someone said he thought 4600... but i didnt believe him, and i know you have more experience at this.

    thanks

    maybe i'll have an osaraku tanto made in japan someday... hehe i'll be able to afford that
    I like swords.

    ______________________________
    SCHOLA GLADIATORIA
    ______________________________

    If you want to climb a mountain, begin at the top.

    "Integrity, justice, courage, and action - without these, a person is of no consequence." - Don Nelson

    learn the way to preserve rather than destroy.
    avoid rather than check, check rather than hurt, hurt rather than maim, maim rather than kill.
    for all life is precious, not one can be replaced.

  15. #40
    A. Bakken,


    I believe this is a picture of a naginata due to the length of the shaft (ebu) being longer than most nagimaki. Nagimaki are known for being useful on horseback because of the length and a long ebu is less effective. The weapon that man is holding is consistant in length with that of naginata.
    Naginata blades come in many shapes and sizes. I think that when people see a naginata with a long, sword like blade, it can sometimes be mistaken for nagimaki.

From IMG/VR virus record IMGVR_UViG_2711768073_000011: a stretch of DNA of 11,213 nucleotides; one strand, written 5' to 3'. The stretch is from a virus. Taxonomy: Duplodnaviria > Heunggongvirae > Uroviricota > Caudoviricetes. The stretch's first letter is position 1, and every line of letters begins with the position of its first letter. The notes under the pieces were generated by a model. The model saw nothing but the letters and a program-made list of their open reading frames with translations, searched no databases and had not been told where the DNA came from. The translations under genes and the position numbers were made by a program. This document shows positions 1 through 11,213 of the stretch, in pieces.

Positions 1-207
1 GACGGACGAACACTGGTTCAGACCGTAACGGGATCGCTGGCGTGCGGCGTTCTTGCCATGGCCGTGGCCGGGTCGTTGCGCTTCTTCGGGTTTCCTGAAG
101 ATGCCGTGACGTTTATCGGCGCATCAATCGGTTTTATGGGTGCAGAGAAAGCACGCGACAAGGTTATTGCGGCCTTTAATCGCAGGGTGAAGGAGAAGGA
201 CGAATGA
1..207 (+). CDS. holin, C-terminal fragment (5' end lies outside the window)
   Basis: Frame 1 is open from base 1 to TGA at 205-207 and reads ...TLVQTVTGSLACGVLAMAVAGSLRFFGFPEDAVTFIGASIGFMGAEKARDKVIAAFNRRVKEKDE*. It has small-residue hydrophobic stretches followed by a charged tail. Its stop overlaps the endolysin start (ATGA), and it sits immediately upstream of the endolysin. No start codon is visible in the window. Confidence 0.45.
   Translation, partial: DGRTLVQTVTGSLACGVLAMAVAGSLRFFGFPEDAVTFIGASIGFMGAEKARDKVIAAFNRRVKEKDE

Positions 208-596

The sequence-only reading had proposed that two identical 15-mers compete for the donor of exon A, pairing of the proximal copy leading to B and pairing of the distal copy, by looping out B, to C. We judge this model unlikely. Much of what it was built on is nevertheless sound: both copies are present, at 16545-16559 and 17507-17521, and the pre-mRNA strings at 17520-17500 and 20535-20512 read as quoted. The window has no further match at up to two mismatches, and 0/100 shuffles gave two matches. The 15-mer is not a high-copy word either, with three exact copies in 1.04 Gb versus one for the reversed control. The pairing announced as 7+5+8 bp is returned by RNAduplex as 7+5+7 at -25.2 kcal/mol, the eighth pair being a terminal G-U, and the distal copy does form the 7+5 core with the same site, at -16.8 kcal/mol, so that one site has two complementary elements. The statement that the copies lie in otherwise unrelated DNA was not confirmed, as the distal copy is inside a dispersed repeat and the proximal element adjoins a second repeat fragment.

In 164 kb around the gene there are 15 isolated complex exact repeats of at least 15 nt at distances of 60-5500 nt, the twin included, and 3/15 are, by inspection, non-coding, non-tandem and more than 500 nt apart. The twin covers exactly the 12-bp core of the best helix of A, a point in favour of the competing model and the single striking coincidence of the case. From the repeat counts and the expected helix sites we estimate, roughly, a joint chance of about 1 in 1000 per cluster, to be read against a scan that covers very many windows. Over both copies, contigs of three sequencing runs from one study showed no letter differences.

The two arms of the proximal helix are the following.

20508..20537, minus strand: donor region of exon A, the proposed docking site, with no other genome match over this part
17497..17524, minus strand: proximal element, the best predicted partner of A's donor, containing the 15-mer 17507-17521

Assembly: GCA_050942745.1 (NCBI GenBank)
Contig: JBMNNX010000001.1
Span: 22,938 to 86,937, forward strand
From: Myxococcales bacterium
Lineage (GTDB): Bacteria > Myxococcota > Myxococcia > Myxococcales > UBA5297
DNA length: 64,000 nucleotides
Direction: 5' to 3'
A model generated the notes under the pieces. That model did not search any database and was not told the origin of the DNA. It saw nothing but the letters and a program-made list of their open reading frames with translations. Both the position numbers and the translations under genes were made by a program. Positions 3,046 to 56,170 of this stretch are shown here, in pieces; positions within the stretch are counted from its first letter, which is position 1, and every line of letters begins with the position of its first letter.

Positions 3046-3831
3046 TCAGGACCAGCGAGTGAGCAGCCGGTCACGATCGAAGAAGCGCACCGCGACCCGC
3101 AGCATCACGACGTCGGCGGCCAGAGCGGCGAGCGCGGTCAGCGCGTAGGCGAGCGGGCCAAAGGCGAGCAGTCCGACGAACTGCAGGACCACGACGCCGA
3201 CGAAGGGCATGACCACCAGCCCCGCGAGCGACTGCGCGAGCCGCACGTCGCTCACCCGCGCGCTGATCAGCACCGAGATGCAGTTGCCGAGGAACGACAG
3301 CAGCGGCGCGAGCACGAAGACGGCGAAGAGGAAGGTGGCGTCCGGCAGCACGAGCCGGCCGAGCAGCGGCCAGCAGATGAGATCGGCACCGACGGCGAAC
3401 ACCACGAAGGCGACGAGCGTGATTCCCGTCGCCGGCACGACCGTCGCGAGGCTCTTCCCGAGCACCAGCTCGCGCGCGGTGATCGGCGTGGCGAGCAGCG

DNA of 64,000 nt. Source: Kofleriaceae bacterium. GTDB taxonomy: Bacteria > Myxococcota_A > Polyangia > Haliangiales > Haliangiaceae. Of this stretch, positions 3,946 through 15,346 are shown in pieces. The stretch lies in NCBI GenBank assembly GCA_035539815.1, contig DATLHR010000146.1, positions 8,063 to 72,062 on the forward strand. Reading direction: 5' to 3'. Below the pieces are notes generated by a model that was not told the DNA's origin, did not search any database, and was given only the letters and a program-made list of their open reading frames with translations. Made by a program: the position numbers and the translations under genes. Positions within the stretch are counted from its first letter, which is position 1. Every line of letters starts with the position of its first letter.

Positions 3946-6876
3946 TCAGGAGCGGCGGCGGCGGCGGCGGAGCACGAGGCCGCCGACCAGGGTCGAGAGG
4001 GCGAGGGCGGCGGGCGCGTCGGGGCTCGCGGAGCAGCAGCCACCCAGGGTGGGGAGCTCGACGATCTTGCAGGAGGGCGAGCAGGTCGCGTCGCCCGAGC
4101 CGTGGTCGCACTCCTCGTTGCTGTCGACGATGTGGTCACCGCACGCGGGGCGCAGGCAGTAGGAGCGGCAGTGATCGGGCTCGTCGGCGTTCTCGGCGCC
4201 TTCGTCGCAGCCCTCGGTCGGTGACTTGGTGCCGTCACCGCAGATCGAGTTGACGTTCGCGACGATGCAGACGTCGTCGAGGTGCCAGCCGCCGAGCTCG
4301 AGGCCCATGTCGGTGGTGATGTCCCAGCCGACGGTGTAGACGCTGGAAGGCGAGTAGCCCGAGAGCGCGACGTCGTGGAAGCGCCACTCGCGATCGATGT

(Student of Atrashi Naginata of 3 years under Sensei Helen Nakano) http://www.scnf.org/
    http://www.naginata.org/inf/inf.html
    Attached Images Attached Images  
    Last edited by R.C. Russell; 10-29-2005 at 04:26 PM.

  16. #41
    Hello,

    The one defining feature that separates a naginata from a nagamaki more than anything else is a naginata hi or lack there of in the case of a nagamaki. As Guido indicated naginata were made from very early times. Nagamaki which were mounted on poles of between 3' to 4' in length and often mounted with tsuba, became somewhat popular about the late Kamakura period and primarily used in front line fighting of mounted samurai on horseback. This was particularly the case of Oda Nobunaga's troops in the muromachi period.